Due to COVID volumes lead-times are currently 30 working days.
It’s rare to find a site that is exactly the same as another. With each geotechnical or environmental investigation there is always something unique we find or specific for that location and the history that’s played apart on or in that soil. We’ve captured some of our field investigations on video and the photos to show some of the differences in the soils that our customers build on. Compare the soils on the videos with the list of soils in the site classification table below that relate to AS 2870-2011.
Australian Standard AS 2870-2011 highlights the different site classifications based on the level of soil reactivity and the procedure to identify them. Below are the classifications and their soil make up and potential for movement.
|Site Class||Foundation||Characteristic surface movement (ys) mm|
|A||Most sand and rock sites with little or no ground movement from moisture changes|
|S||Slightly reactive clay sites, which may experience only slight ground movement from moisture changes||0 - 20mm|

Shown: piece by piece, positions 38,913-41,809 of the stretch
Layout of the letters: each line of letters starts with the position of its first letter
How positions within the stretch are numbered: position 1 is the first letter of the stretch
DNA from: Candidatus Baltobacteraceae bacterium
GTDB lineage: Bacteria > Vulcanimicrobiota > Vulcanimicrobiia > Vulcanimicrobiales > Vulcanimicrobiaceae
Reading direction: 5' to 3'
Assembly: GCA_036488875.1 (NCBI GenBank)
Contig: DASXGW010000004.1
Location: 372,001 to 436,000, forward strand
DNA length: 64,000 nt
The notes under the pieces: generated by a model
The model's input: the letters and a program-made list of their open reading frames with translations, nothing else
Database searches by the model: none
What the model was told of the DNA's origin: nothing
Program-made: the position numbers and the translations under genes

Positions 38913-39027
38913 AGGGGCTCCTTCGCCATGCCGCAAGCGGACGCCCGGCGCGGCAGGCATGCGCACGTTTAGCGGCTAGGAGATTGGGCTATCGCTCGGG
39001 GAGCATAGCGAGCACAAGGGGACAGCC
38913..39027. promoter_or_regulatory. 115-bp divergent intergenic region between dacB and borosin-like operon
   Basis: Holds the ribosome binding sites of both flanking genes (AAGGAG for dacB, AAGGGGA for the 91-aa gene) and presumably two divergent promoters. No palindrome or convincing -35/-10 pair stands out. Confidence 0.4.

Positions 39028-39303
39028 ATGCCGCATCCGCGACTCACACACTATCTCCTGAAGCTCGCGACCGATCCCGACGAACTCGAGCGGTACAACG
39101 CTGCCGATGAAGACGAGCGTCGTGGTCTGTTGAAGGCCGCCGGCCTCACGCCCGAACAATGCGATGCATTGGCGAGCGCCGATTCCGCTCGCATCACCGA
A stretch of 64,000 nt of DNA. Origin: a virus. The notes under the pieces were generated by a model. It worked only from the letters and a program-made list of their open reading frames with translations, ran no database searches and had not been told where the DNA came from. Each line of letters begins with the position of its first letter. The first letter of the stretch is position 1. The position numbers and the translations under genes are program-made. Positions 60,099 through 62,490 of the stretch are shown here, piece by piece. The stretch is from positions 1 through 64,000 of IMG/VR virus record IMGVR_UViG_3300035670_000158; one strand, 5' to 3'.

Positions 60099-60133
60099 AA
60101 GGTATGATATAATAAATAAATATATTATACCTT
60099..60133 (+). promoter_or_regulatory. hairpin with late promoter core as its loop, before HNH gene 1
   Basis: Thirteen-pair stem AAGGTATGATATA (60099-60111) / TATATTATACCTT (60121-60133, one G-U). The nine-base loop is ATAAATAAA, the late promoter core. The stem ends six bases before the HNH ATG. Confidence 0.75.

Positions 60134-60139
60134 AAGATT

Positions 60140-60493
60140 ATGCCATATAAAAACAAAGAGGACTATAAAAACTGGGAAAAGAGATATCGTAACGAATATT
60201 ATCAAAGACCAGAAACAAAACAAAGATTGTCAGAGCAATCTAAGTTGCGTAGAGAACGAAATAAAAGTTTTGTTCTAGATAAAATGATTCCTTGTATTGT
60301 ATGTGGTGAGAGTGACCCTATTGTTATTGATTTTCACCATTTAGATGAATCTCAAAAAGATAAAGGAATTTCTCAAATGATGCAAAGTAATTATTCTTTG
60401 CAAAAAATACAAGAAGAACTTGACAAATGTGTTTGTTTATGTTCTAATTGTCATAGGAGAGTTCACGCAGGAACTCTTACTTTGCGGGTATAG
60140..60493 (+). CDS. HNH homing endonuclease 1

|M||Moderately reactive clay or silt sites, which may experience moderate ground movement from moisture changes||20 - 40mm|
|H1||Highly reactive clay sites, which may experience high ground movement from moisture changes||40 - 60mm|
|H2||Highly reactive clay sites, which may experience very high ground movement from moisture changes||60 - 75mm|
|E||Extremely reactive sites, which may experience extreme ground movement from moisture changes||> 75mm|
|P||Sites which include filled sites (refer to AS 2870-2011), soft soils, such as soft clay, silt or loose sands; landslip; mine subsidence; collapsing soils; soils subject to erosion; reactive sites subject to abnormal moisture conditions; tree affected; fill containing deleterious materials (wood, metal, plastic) or in a marine environment.|
Below are a some onsite and laboratory videos the Ideal team has started shooting to show customers how tests are performed.
We will also be uploading videos of interesting soils as we come across them in the field or back at the lab. Expect to see the below video collection grow.